When we face a decision and work out what we should do, we gain information about what we will do. Taking into account this information can in turn affect what we should do. Here's an example.
Lewis, in "Causal Decision Theory" (1981, p.308):
Suppose we have a partition of propositions that distinguish worlds where the agent acts differently ... Further, he can act at will so as to make any one of these propositions hold, but he cannot act at will so as to make any proposition hold that implies but is not implied by (is properly included in) a proposition in the partition. ... Then this is the partition of the agent's alternative options.
That can't be right. Assume I "can act at will so as to make hold" the proposition P that I raise my hand. Let Q be an arbitrary fact over which I have no control, say, that Julius Caesar crossed the Rubicon. Then I can also act at will so as to make P & Q true. (By raising my hand, I make it true, by not raising it I make it false.) So, by Lewis's definition, P is not an option, since I can act at will so as to make a more specific proposition P & Q true (a proposition that implies but is not implied by P). By the same reasoning, all my options must entail Q. So they don't form a partition: they don't cover regions of logical space where Q is false.
Consider a long list S1...Sn of sentences such that (a) each Si is trivially equivalent to its predecessor and successor (if any), and (b) S1 is not trivially equivalent to Sn.
For example, S1 might be a complicated mathematical or logical statement, and S1...Sn a process of slowly transforming S1 into a simpler expression. For another example, S1...Sn might be statements in different languages, where each Si qualifies as a direct translation of its neighbor(s) but S1 is not a direct translation of Sn.
I recently accepted a Chancellor's Fellowship at the University of Edinburgh. So it looks like the next stop, after six years in Australia, will be Scotland. Woop!
Over the weekend I made a website that lets you search through the works of David Lewis. It's not perfect: a lot of the documents contain garbled words from OCR, the character encoding is messed up, and it doesn't show page numbers of matches. Maybe I'll fix that eventually. Also, three papers are currently missing from the index because I don't have them in PDF form: "Nachwort (1978)", "Lingue e Lingua", and "Review of Olson and Paul, Contemporary Philosophy in Scandanavia".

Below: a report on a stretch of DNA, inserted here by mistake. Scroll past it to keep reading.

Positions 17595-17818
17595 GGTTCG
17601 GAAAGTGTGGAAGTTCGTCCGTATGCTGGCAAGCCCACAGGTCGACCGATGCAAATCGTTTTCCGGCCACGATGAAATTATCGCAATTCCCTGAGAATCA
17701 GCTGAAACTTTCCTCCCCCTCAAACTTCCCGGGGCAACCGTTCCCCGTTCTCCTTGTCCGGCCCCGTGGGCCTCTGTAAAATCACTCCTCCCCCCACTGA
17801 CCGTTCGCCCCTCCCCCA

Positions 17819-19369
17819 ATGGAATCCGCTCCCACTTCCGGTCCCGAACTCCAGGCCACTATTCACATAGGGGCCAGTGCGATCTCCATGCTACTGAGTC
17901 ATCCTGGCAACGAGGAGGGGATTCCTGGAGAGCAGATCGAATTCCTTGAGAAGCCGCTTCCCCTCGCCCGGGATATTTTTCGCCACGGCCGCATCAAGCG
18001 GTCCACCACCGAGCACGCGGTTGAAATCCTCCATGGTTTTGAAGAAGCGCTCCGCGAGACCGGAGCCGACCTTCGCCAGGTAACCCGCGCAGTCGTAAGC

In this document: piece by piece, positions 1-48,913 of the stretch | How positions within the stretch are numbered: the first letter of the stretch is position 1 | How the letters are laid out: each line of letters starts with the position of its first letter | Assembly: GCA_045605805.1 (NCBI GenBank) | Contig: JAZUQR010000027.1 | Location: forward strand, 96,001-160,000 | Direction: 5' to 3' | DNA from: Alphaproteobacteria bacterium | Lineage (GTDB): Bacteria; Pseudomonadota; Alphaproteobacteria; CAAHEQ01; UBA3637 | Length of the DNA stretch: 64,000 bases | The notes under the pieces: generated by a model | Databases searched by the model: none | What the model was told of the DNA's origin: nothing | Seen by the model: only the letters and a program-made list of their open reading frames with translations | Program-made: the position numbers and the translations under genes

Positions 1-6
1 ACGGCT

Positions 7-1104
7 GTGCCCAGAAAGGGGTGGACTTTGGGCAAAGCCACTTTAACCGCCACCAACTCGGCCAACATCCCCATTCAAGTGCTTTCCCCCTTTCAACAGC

[Update: See the changelog for updates.]
In a large election, an individual vote is almost certain to make no difference to the outcome. Given that voting is inconvenient and time-consuming, this raises the question whether rational citizens should bother to vote.
In her 2012 paper "Subjunctive Credences and Semantic Humility" (2012), Sarah Moss presents an interesting case due to John Hawthorne.
An amusing passage from a recent paper by Erik and Martin Demaine on the hypar, a pleated hyperbolic paraboloid origami structure:
Here is a coin. What would have happened if I had just tossed it? It might have landed heads, and it might have landed tails. If the coin is biased towards tails, it is more likely that it would have landed heads. If it's a fair coin, both outcomes are equally likely. That is, they are equally likely on the supposition that the coin had been tossed. Let's write this as P(Heads // Toss) = 1/2, where the double slash indicates that the supposition in question is "subjunctive" rather than "indicative".
Suppose you have a choice between two options, say, raising your arm and lowering your arm. To evaluate these options, we should compare their outcomes: what would happen if you raise your arm, what if you don't? But we don't want to be misled by merely evidential correlations. Your raising your arm might be evidence that your twin raised their arm in a similar decision problem yesterday, but since you have no causal control over other people's past actions, we should hold them fixed when evaluating your options. Similarly, your choice might be evidentially relevant to hypotheses about the laws of nature, but you have no causal control over the laws, so we should hold them fixed. But now we have a problem. The class of facts outside your causal control is not closed under logical consequence. On the contrary, if the laws are deterministic then facts about the distant past together with the laws logically settle what you will do. We can't hold fixed both the past and the laws and vary your choice.
|< 595 older entries|